Martin in Gatineau Park

Martin in Gatineau Park

Wednesday, 4 December 2013

Wednesday 4 December 2013 - A Saunter from Sadgill

On a fine, bright day, Sue and I eschewed the attractions of the final stage of East Lancashire LDWA's assault on the Thirlmere Way, in favour of a short walk from Sadgill Bridge. 

The forty minute drive from Ghyll Head passed quickly, and we parked by Sadgill Bridge (pictured) next to a sign that might make anyone thinking of proceeding further by car think twice.

The sun skittered in and out of the cloud all day, resulting in hasty, often futile, grabs for the camera, which on this trip is my waterproof Lumix FT4 as the Canon G12 has broken. Hopefully there will be some pleasant images - to be made available by way of an 'overview' posting about this trip once we get home. (My apologies to complainants about the brevity of this week's postings, but socialising has come first.)

Anyway, Sue and I headed up Longsleddale into an Arctic breeze, meeting a lone dog walker with two delightful puppies near Brownhowe Bottom. We saw nobody else all day, though our route did look well walked.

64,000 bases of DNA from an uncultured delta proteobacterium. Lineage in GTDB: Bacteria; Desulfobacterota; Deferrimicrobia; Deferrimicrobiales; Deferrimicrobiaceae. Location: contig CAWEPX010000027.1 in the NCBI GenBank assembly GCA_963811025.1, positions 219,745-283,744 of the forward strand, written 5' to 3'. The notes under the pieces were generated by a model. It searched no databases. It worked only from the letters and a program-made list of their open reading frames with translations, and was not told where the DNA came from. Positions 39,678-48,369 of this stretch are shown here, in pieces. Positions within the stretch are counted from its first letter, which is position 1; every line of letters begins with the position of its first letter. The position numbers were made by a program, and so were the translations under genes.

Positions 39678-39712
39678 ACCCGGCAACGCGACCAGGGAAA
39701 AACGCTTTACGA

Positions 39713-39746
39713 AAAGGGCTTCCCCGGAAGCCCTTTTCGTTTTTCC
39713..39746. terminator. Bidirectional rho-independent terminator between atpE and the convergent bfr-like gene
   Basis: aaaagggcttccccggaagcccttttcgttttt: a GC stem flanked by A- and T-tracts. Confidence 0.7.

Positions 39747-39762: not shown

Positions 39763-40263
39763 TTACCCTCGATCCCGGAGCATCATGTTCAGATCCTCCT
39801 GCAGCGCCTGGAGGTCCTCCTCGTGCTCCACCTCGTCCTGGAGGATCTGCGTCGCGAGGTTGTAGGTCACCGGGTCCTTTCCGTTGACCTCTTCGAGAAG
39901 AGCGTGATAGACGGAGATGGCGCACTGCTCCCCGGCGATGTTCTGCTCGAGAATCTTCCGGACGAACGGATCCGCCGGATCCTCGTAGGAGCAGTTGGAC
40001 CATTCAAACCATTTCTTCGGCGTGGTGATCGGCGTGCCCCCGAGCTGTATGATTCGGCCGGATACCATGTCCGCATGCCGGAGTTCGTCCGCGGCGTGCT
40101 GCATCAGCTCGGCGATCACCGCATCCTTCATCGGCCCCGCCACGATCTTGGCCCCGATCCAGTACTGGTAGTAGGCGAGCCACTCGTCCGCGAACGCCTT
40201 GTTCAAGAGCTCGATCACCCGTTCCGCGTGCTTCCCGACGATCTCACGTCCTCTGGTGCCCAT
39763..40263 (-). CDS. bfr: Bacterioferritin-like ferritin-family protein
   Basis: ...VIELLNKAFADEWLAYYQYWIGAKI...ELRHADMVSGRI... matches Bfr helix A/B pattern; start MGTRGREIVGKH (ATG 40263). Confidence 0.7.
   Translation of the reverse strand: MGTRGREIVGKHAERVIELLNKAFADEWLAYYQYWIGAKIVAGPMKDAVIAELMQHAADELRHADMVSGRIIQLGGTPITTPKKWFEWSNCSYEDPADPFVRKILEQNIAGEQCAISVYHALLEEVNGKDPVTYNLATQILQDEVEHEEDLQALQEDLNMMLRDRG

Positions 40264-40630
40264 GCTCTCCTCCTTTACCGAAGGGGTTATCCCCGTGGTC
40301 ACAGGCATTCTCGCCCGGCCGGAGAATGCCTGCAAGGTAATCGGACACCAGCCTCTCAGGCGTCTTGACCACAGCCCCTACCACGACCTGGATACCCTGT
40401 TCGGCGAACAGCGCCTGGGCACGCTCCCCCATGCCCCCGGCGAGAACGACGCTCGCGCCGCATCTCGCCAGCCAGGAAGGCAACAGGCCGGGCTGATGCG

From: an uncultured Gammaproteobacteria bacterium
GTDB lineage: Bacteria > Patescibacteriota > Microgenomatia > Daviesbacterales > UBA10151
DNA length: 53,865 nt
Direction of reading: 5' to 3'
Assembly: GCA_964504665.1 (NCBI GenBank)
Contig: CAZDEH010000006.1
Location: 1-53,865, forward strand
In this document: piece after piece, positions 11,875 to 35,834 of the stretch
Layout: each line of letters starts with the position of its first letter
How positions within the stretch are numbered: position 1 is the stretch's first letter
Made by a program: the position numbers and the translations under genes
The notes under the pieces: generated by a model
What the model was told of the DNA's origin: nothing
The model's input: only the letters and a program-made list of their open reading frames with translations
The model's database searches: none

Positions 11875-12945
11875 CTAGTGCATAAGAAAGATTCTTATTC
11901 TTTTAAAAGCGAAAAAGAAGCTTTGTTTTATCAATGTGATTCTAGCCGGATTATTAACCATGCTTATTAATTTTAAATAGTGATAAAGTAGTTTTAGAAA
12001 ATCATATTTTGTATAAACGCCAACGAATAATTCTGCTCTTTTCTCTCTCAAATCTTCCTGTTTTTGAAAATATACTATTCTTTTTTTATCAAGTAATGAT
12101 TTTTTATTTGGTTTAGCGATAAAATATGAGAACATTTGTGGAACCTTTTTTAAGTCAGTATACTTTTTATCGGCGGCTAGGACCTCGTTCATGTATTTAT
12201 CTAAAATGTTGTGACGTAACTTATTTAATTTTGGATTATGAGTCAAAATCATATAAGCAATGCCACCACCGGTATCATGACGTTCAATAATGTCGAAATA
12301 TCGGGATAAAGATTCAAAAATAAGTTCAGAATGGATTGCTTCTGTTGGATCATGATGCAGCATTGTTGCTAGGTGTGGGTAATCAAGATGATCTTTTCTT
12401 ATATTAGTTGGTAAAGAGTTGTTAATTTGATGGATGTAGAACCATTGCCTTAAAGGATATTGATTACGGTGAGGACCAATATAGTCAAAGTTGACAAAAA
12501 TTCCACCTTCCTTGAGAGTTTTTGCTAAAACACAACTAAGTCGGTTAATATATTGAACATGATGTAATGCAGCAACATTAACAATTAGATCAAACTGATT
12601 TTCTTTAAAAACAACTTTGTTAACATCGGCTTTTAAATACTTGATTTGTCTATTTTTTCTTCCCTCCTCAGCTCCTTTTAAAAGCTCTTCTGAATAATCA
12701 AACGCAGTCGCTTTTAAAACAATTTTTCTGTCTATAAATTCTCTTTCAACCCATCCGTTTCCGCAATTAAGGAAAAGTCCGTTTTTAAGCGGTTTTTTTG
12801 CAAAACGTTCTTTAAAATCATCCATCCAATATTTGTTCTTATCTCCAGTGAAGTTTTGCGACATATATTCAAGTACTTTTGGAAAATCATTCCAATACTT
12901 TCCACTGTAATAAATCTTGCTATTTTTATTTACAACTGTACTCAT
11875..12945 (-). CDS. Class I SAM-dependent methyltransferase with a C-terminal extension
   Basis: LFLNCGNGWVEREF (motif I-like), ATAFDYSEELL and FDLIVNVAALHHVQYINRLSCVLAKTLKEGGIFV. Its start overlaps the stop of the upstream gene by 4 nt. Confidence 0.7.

We were soon on a drier than expected path beside a fence, leading to the 664 metre summit of Tarn Crag on Sleddale Fell. I'd not been there before. There's a large survey tower, and excellent views in all directions, with the track over Gatesgarth Pass to Haweswater dominant in the foreground. 

The path to Harrop Pike wasn't as wet as expected, and the expansive views from that summit were rather better than on my cloudy visit in June last year. Sue is pictured here. 

The onward path to Grey Crag, where we enjoyed lunch, then Great Howe, seemed easier than last time,  perhaps because I wasn't carrying camping gear.

Finishing at Sadgill Bridge was also somewhat easier than continuing to Burneside!

A lovely walk in great weather - 11 km with about 540 metres ascent, in 3.5 hours.

2 comments:

Alan Rayner said...

Gosh its ages since i did that neck of the woods. I must re-visit it in 2014.

Phreerunner said...

Yes, Alan, it's a fine part of the world.